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Statute Of Limitations Issues In West Virginia

On Behalf of | May 5, 2016 | Personal Injury

“Statutes of limitations” define the time limits for parties filing civil lawsuits and the state prosecuting the commission of crimes. They are often determined by the type of cause of action or crime in a particular matter. Each state, including West Virginia, has their own set of statutes of limitations.

Once the statute begins to run, a civil lawsuit or criminal charges must be brought against a party within the time prescribed by the applicable statute of limitations. Time periods are almost always for some term of years. Once a civil statute of limitations expires or runs, a lawsuit may no longer be filed by a plaintiff; once a criminal statute of limitations expires, criminal charges may no longer be brought by the state.

Issue: Determining the Applicable Limitation Period
Injured parties must determine and know the nature of their particular cause of action to find the applicable statute of limitations. A prerequisite of this knowledge is ascertaining the elements of each potential cause of action, which necessitates the assistance of an experienced personal injury attorney. The following are various West Virginia Statutes of Limitations for civil tort causes of action:

Assault and Battery, 2 years W. Va. Code § 55-2-12(b)
Defamation (Libel, Slander) 1 year W. Va. Code § 55-2-12(c)
False Imprisonment, 1 year W. Va. Code § 55-2-12(c)
Fraud, 2 years W. Va. Code § 55-2-12(a) or (b)
Legal Malpractice, 2 years W. Va. Code § 55-2-12(a) or (b)
Medical Malpractice, 2 years W. Va. Code § 55-2-12(b)
Personal Injury, 2 years W. Va. Code § 55-2-12(b)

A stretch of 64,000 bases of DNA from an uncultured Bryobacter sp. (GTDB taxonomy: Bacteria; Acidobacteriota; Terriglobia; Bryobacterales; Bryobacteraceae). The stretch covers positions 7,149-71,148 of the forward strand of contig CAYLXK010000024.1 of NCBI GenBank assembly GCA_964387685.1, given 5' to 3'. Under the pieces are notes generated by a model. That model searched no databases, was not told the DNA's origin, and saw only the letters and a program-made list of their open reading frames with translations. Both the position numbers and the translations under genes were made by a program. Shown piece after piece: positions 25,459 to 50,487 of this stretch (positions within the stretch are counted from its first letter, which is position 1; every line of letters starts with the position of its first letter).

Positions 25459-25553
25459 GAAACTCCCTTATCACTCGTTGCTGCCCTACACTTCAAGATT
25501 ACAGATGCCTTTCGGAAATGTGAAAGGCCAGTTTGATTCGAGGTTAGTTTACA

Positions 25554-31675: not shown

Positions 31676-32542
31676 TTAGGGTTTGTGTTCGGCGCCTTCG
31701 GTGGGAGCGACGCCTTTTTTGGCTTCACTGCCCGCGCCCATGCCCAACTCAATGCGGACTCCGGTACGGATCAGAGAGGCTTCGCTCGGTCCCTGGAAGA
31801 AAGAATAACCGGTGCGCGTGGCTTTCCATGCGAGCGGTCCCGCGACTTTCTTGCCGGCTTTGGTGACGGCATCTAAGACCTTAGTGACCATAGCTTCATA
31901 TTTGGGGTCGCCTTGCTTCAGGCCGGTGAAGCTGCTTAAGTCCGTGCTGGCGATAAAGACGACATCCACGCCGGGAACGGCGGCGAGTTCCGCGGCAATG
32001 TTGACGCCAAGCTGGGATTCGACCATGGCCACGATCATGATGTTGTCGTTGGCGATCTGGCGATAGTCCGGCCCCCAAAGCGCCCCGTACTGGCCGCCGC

Product Liability, 2 years W. Va. Code § 55-2-12(a) or (b)
Property Damage, 2 years W. Va. Code § 55-2-12(a)
Trespass, 2 years W. Va. Code § 55-2-12(b)
Wrongful Death, 2 years W. Va. Code § 55-2-12(b)

Issue: When Does the Statute Start to Run?
Generally, the time period begins on the date a claim arises or accrues. For a car accident it would be the day of the event. For a crime, the date of commission. Most states, including West Virginia follow the “discovery rule” under which the statute of limitations is tolled, i.e., suspended, until a claimant knows, or by reasonable diligence should know of his claim. ” The discovery rule recognizes ‘the inherent unfairness of barring a claim when a party’s cause of action could not have been recognized until after the ordinarily applicable period of limitation.’ Dunn v. Rockwell, 225 W.Va. 43, 689 S.E.2d 255 (2009),

Dunn set forth a five-factor analysis to be utilized when a defendant asserts a statute of limitations defense. First, the applicable statute of limitation for each cause of action brought by the plaintiff must be identified by the trial court. Then, the fact finder must identify when the required elements of each cause of action occurred and “when the plaintiff knew, or by the exercise of reasonable diligence should have known, of the elements of a possible cause of action.” Then, the judge or jury must “determine whether the defendant fraudulently concealed facts that prevented the plaintiff from discovering or pursuing the cause of action” and whether “the statute of limitation period was arrested by some other tolling doctrine.” The court noted that “[o]nly the first step is purely a question of law; the resolution of steps two through five will generally involve questions of material fact that will need to be resolved by the trier of fact.”

Issue: Suing the Government
Unlike some states that have special rules that apply to government claims, West Virginia basically has none for suing government entities. The same statutes of limitations that apply to suing private persons and entities apply to suing the State of West Virginia, any of its counties, cities, towns or municipalities. However, some entities, like municipalities, may have special rules and procedures for filing claims and receiving compensation.

If you have a personal injury claim that you believe may be subject to expiring under the statute of limitations, please call Amy Crossan, an expert in personal injury law, for a consultation at 304-523-8451.